ProvenancePace Wildenstein, New York (February 1999)
Private Collection, California
ExhibitionLos Angeles, PaceWildenstein Gallery, Agnes Martin: New Paintings, October 1998
Houston, The Menil Collection, Agnes Martin: The Nineties and Beyond, February – May 2002, pp. 72-73, illustrated
San Francisco, John Berggruen Gallery, Summer in the City 2008, July – August 2008
LiteratureArne Glimcher, Agnes Martin: Paintings, Writings, Remembrances, London 2012, p. 178, illustrated
Agnes Martin ranks as one of the most important artists of the 20th century. Although her life and works have had lasting impact and influence, her paintings are impervious studies of complexities – filled with profound beauty, sitting at a steely remove. She is most known for her square canvases filled with grids and horizontal lines. To say they are silent meditations would do a disservice to their hermetic splendor. To say they are opaque examinations of line, color, and form would cut off conversations on their impact on the viewer and influence on other artists. Instead, we must treat her paintings as totems to a tireless artistic vision.
Born in Canada in 1912, Martin came to painting relatively late, having decided to become an artist at age 30. Despite this, she worked until her death in 2004. Martin lived in Taos before being invited by famed gallerist Betty Parsons to New York. There, she worked alongside and befriended Jasper Johns, Ellsworth Kelly, Robert Rauschenberg, and Barnett Newman. Martin eventually made her way back to New Mexico where she would spend the rest of her life. As she once said,
I think it is more important to figure out where you want to be than it is what you want to do. First you have to find where you need to be, and then you can do what you need to do.
Perhaps, then, we must consider her paintings as objects both affixed to a time and space, evocations of a specific place – literal and metaphorical. Which brings us to this painting, Untitled #11. As Martin grew older, she reduced her canvas from 72 x 72 in. to 60 x 60 in. Practical with the advancement of age, the reduction of size also presents a more intimate experience. While this work may have come late in life, the painting is by no means a work by an artist in decline. In fact, the work was exhibited by the Menil Collection in Houston in 2002 in a show studying Martin’s works from the 1990s. The piece holds within it, like all of her work, that it is an expression of creative energy rather than any representation, narration, or even an image.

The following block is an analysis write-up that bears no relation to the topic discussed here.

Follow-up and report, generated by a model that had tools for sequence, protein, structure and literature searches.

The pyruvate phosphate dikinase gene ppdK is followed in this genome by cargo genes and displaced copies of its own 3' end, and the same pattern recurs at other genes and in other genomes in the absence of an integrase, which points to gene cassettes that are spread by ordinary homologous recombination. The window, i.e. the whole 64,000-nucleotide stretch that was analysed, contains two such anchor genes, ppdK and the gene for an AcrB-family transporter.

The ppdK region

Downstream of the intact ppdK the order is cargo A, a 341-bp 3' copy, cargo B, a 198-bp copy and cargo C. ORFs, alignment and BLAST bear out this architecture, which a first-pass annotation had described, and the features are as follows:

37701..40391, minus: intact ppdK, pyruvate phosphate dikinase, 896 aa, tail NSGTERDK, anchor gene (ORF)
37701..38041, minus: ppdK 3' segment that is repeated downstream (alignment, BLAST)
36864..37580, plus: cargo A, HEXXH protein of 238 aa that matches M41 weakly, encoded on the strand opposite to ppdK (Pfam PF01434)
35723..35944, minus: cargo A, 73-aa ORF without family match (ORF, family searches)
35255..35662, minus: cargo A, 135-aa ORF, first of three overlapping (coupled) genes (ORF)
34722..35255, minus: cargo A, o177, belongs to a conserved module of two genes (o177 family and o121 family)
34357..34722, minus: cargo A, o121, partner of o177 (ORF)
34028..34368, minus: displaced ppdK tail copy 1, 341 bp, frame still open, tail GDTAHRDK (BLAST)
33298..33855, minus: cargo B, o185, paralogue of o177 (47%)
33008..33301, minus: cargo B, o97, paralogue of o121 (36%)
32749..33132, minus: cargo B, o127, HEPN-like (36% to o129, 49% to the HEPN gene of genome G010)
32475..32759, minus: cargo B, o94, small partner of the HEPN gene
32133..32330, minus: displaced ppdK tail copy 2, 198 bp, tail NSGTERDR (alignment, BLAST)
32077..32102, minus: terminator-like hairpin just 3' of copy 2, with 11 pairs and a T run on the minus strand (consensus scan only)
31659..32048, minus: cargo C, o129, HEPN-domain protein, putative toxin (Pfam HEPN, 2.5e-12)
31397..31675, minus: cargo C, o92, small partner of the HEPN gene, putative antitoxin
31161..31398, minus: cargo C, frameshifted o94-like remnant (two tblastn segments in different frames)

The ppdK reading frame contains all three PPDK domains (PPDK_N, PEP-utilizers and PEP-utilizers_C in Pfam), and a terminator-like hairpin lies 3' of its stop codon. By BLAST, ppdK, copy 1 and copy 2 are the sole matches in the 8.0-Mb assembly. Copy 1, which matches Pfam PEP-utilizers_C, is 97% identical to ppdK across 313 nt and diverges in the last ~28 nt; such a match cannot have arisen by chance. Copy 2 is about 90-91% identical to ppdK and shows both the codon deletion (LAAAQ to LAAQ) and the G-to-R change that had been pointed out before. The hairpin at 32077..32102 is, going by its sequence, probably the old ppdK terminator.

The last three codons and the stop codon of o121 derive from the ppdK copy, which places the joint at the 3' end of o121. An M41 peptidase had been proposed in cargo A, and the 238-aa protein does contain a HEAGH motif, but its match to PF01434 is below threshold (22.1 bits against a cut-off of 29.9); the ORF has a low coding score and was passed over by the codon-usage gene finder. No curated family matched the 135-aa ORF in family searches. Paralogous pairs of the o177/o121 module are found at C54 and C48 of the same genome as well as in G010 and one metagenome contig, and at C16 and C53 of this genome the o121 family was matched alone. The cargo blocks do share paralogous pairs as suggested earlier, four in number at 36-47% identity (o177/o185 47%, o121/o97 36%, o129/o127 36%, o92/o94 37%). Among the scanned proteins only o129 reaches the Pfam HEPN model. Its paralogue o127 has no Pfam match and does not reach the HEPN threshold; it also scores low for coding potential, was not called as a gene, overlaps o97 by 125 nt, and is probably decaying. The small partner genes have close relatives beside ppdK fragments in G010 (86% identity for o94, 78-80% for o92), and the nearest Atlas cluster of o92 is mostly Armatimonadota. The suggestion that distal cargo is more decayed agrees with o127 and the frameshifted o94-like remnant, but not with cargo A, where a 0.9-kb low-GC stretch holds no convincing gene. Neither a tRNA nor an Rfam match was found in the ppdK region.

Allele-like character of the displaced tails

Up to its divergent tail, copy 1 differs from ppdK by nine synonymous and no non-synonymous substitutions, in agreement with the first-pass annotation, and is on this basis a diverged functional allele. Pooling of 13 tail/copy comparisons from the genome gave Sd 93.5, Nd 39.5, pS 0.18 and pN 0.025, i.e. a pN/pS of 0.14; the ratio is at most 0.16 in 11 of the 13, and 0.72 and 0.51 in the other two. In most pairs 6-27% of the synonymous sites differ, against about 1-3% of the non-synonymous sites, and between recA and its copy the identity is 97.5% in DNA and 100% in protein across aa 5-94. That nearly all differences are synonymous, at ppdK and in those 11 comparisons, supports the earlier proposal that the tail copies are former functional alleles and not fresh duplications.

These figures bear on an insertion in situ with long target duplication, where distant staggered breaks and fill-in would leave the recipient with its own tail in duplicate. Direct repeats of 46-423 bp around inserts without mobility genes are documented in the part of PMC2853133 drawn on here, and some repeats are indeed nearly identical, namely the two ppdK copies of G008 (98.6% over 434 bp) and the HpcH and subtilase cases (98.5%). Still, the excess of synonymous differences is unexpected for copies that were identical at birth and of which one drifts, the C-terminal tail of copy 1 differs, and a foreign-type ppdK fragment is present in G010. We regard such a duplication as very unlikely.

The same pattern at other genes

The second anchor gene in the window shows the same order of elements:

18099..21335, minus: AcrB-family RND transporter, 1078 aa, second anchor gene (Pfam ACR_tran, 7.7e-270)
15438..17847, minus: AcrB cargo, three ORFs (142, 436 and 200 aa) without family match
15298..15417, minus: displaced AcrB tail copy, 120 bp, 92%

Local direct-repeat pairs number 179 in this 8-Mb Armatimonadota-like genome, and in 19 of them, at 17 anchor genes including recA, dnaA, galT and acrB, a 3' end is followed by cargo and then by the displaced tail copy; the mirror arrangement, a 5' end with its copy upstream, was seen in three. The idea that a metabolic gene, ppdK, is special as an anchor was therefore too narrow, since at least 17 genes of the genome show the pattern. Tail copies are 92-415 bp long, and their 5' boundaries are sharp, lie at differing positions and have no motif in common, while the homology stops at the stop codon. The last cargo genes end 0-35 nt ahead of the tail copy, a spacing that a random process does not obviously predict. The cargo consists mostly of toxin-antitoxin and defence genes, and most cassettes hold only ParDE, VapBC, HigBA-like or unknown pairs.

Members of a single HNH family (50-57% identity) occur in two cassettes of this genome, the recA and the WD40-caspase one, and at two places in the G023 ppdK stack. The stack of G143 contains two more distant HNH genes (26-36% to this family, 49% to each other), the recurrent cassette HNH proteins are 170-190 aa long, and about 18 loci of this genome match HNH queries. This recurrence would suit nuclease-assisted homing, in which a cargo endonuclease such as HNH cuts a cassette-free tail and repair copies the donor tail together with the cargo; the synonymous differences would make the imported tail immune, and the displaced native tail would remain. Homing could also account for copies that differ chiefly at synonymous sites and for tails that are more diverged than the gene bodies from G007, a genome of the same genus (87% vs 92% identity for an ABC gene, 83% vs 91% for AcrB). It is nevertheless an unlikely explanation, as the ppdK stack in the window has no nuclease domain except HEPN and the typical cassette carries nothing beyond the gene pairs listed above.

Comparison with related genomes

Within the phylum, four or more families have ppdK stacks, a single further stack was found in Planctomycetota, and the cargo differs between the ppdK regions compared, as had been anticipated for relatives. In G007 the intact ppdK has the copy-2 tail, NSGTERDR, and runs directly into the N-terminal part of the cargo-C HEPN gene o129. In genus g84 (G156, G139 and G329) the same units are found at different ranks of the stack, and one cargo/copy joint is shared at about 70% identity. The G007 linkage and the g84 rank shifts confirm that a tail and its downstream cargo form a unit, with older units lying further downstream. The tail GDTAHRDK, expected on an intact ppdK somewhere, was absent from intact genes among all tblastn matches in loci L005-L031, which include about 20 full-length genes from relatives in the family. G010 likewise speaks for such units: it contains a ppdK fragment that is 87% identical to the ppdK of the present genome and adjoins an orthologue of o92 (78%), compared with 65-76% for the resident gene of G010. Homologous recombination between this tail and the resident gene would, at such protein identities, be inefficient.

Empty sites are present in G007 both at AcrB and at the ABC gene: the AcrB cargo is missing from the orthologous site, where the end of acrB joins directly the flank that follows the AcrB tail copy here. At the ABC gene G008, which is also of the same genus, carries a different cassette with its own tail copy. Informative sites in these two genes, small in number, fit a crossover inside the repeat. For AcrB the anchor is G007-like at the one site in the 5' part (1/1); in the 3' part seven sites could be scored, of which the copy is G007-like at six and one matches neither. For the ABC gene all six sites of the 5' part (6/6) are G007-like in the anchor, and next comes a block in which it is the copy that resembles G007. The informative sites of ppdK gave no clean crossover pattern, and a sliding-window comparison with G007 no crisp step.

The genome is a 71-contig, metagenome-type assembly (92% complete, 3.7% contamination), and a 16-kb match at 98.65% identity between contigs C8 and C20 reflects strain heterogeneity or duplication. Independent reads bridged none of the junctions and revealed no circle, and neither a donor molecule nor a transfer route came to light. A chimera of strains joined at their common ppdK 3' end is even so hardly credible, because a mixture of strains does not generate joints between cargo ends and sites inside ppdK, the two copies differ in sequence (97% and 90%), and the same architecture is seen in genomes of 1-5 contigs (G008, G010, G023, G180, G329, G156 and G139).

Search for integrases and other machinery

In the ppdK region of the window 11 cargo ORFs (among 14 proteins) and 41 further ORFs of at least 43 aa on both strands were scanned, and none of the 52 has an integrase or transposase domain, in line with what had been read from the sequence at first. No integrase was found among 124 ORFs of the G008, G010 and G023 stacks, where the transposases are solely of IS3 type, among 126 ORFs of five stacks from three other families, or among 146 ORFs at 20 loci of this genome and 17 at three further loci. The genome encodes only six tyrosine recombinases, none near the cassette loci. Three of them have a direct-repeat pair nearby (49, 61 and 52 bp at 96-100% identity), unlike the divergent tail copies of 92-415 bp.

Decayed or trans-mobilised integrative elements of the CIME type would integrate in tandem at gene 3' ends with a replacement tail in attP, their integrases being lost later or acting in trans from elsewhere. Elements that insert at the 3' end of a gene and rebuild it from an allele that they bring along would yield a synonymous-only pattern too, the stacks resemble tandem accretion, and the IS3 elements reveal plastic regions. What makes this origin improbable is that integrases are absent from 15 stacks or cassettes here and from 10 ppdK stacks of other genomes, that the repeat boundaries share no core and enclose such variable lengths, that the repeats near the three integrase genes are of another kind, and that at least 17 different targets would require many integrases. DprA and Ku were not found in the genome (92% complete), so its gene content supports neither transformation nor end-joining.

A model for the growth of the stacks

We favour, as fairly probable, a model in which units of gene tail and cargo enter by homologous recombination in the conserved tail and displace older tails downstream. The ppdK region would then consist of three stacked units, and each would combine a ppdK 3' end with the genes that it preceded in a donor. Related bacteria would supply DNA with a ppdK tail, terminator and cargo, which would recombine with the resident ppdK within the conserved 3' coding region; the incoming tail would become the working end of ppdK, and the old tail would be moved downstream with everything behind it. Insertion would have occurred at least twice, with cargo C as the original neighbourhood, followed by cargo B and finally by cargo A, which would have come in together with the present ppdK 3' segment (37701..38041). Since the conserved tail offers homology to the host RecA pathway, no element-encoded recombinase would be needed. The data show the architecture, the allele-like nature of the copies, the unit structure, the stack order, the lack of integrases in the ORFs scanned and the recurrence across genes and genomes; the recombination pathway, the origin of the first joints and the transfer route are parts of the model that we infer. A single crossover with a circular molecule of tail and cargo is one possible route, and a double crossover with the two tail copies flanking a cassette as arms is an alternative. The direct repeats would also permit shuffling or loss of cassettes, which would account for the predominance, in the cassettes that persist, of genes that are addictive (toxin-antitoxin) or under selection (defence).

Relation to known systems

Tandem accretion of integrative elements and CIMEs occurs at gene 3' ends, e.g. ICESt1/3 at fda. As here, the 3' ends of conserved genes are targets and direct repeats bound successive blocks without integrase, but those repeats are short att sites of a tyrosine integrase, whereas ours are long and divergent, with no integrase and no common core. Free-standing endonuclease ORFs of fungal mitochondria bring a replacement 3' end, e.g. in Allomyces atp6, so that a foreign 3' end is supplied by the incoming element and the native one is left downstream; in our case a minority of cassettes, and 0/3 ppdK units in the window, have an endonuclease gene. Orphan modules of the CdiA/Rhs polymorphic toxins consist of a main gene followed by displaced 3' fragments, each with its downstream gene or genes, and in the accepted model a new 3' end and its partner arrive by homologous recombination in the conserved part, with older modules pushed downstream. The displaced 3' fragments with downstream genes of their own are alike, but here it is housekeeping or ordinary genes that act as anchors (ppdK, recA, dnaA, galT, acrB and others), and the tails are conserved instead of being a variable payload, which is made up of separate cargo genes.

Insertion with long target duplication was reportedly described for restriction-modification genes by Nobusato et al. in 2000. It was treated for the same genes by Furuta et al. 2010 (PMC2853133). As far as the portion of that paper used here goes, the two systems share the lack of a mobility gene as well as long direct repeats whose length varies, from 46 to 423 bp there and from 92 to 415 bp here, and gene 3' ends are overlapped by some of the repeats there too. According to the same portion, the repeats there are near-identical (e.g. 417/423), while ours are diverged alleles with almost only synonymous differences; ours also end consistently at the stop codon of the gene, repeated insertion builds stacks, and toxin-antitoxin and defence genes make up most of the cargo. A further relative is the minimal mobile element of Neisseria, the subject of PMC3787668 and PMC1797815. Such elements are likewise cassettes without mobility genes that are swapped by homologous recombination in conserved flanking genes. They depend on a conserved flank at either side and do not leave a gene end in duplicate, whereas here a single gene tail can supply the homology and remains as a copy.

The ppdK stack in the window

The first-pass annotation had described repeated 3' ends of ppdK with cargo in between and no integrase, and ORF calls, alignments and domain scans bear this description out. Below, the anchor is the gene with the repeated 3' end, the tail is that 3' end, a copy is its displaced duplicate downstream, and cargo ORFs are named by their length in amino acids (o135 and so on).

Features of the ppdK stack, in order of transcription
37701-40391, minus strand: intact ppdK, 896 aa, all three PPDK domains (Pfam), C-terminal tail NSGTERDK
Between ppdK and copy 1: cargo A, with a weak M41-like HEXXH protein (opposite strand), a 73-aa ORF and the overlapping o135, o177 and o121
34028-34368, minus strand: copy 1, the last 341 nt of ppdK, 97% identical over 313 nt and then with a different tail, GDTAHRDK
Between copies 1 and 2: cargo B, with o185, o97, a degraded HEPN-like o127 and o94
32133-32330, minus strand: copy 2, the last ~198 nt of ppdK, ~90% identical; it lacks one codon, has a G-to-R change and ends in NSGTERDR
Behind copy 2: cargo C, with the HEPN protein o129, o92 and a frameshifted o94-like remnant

The painting contains strict technical perfection. Martin diluted her acrylic paint to mix with the gesso of her canvas so that the colors absorb and reflect light in equal measure. Her restrictive color palette resembles less the color themselves as they do the effect of light itself. Thus, with geometry acting as a unifying structural element and the careful emanations of color, the painting is a node connecting Minimalism and the Color Field School of Abstract Expressionism.
Spartan and yet gentle in its beauty, Martin’s painting opens up a space in which the viewer can communicate with the artist, with the canvas, with themselves, and with their environment.
Agnes Martin photographed in her studio by Mildred Tolbert c. 1955
Agnes Martin at her house near Cuba, New Mexico, in 1974. Photograph by Gianfranco Gorgon
Agnes Martin, Taos, 1997 by Steve Northup
- The graph prepared by Art Market Research shows that since 1976, paintings by Agnes Martin have increased at a 15.1% annual rate of return.
- Most of the Martin paintings that have achieved the highest prices at auction, depicted below, feature horizontal washes of pale blue, yellow, and light red, delicately defined by penciled lines. Untitled #11, though completed in 1998, is characteristic of this earlier and pivotal time
- The record for a Martin painting at auction was set in 2016 when Orange Grove (1965) sold for $10,693,000 USD. The top 5 Martin paintings at auction all sold for over $6 million USD.
- A recent resurgence of interest in artwork by women adds value to this piece as major museums seek to highlight historically marginalized groups. Martin created just 568 paintings in her prime period between 1960-2004. Of those, 145 are held in permanent museum collections, leaving 423 that might become available for sale.
- Untitled (2003), a comparable year and size to Untitled #11, sold for $4,692,500 USD in November of 2017. Based on the compound annual growth rate of 15%, that painting would be worth over $7 million today.
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Paintings in Museum Collections